As the French brigands organized their macabre plan, the Haitian Revolutionaries who had been driven to the brink, were now fearless. They redoubled their efforts to evict the Napoleonic forces from the island. Instead of deterring opposition, French threats of slaughtering the adult population galvanized wide support. The adults had lived under French government when it was acceptable to cut off their tongues, arms, legs, and other body parts. For them, life under French rule had been a mine field. No threat from Rochambeau would deter these brave men and women who had seen enough and had suffered too much. None of Rochambeau's murderous tactics would deter the great warrior Dessalines whose bravery and leadership earned him the name of Patron Spirit of War, Ogou Dessalines.
Profoundly disdainful of the African population, Rochambeau set out to annihilate the Revolutionaries. But his situation was precarious. His well armed forces were being dwindled and weakened by ongoing war, by yellow fever, and by a famine caused by lack of provisions from the provinces which were controlled by Revolutionary forces, and from a British sea blockade which prevented the French from receiving supplies from overseas. Rochambeau responded by adapting the policy of fortifying the plantations introduced by the British when they occupied parts of the island from 1794 to 1798. He fortified the plantations at the entrance to the Cape, including that of Vertieres, and hoped to eventually expand this project throughout the territory. The fortified plantations were called blockhaus. In letters written by colonists, the Vertieres “blockhaus” was variably written as Verrières, Verdière, Verthiere, De Vertière, Devetière.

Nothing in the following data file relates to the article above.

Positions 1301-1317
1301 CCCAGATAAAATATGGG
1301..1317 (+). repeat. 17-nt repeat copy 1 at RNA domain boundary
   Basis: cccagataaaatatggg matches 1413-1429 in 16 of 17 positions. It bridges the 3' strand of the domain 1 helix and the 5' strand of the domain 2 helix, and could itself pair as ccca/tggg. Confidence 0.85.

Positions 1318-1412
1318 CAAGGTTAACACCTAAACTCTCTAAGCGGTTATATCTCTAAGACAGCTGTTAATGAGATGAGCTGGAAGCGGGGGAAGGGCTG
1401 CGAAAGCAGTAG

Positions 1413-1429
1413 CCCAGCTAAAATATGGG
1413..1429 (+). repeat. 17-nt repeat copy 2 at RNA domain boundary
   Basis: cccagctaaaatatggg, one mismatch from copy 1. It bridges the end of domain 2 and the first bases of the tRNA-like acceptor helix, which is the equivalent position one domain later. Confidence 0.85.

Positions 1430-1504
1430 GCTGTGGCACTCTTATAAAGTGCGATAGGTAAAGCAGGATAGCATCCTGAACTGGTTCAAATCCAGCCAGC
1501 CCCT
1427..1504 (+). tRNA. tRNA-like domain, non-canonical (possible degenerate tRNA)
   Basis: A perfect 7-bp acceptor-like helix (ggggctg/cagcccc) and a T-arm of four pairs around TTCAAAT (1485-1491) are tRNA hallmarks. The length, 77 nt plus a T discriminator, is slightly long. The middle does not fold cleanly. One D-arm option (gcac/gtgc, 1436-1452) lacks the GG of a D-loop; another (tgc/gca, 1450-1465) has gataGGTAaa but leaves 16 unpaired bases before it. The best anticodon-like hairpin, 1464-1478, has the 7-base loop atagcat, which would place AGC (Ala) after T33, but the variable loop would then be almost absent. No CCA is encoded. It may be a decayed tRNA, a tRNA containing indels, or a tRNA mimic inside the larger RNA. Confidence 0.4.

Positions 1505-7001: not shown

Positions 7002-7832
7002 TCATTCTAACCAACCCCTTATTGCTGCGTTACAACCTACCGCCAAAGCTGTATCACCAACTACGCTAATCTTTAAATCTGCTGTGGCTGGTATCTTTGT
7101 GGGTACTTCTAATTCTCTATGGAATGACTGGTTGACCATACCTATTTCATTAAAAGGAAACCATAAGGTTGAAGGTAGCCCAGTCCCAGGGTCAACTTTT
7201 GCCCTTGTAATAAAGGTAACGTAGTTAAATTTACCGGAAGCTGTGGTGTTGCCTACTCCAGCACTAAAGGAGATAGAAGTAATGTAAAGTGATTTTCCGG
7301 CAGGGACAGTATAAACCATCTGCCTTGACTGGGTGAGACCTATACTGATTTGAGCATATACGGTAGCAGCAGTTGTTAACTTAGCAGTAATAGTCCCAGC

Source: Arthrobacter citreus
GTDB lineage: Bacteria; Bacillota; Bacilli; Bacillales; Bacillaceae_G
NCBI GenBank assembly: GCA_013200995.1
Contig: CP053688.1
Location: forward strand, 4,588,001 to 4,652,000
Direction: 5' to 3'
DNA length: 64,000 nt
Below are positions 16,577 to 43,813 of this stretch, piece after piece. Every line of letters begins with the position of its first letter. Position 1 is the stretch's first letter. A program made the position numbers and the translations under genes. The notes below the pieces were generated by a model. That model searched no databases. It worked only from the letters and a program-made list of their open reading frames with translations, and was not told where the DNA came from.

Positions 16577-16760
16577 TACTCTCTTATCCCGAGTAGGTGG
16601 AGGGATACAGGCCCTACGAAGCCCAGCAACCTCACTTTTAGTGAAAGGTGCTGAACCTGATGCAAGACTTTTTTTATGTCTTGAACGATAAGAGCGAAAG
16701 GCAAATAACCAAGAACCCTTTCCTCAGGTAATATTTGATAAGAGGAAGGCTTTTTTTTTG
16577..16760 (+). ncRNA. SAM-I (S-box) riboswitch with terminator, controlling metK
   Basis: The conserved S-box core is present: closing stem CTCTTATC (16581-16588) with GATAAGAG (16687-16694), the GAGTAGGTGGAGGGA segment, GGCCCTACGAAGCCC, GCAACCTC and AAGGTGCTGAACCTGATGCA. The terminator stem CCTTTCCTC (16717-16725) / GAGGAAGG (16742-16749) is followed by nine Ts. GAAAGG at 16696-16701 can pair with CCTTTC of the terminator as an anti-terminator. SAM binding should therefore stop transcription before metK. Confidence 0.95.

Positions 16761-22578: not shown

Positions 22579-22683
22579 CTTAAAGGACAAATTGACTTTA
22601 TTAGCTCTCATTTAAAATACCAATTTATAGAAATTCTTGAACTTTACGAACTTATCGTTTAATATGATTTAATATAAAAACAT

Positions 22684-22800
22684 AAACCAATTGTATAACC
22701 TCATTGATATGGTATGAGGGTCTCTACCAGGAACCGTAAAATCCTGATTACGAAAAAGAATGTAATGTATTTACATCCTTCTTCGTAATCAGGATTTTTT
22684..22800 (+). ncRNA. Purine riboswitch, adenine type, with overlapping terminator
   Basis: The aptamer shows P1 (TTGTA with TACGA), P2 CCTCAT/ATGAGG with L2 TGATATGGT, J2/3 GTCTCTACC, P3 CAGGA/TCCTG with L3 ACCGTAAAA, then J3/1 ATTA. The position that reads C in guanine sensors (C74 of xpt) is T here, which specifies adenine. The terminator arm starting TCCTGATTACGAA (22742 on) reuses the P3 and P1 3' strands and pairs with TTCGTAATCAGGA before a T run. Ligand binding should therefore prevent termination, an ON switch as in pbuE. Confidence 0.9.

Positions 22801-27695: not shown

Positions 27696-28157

By this time, the island was essentially under the control of the Revolutionary forces. By June of 1803, Dessalines had already informed Spain, England, and the U.S. of his intention to declare independence.
As the fortifications took place, the Revolutionaries began a counter offensive that would be based on uniting their forces for a multiple front attack on the Cape.
General Francois Capois joined this offensive and brought with him two divisions of the army. These two divisions comprised the 9th semi-brigade. While taking fire from the French forces camped at Vertieres, Capois' bravery became legendary. Haitian historian, Thomas Madiou, either helped to create the legend or he simply retold it. In describing the Battle of Vertieres, Madiou wrote that Capois' hat was lost to a flurry of gunfire and his horse was killed by cannon fire. Although many of his men perished, Capois would not be deterred. He emerged from his fallen horse, urging the troops forward. Madiou went on to describe how Rochambeau, the general in charge of the French forces, called for a cease fire so that he could send an emissary to compliment Capois in person.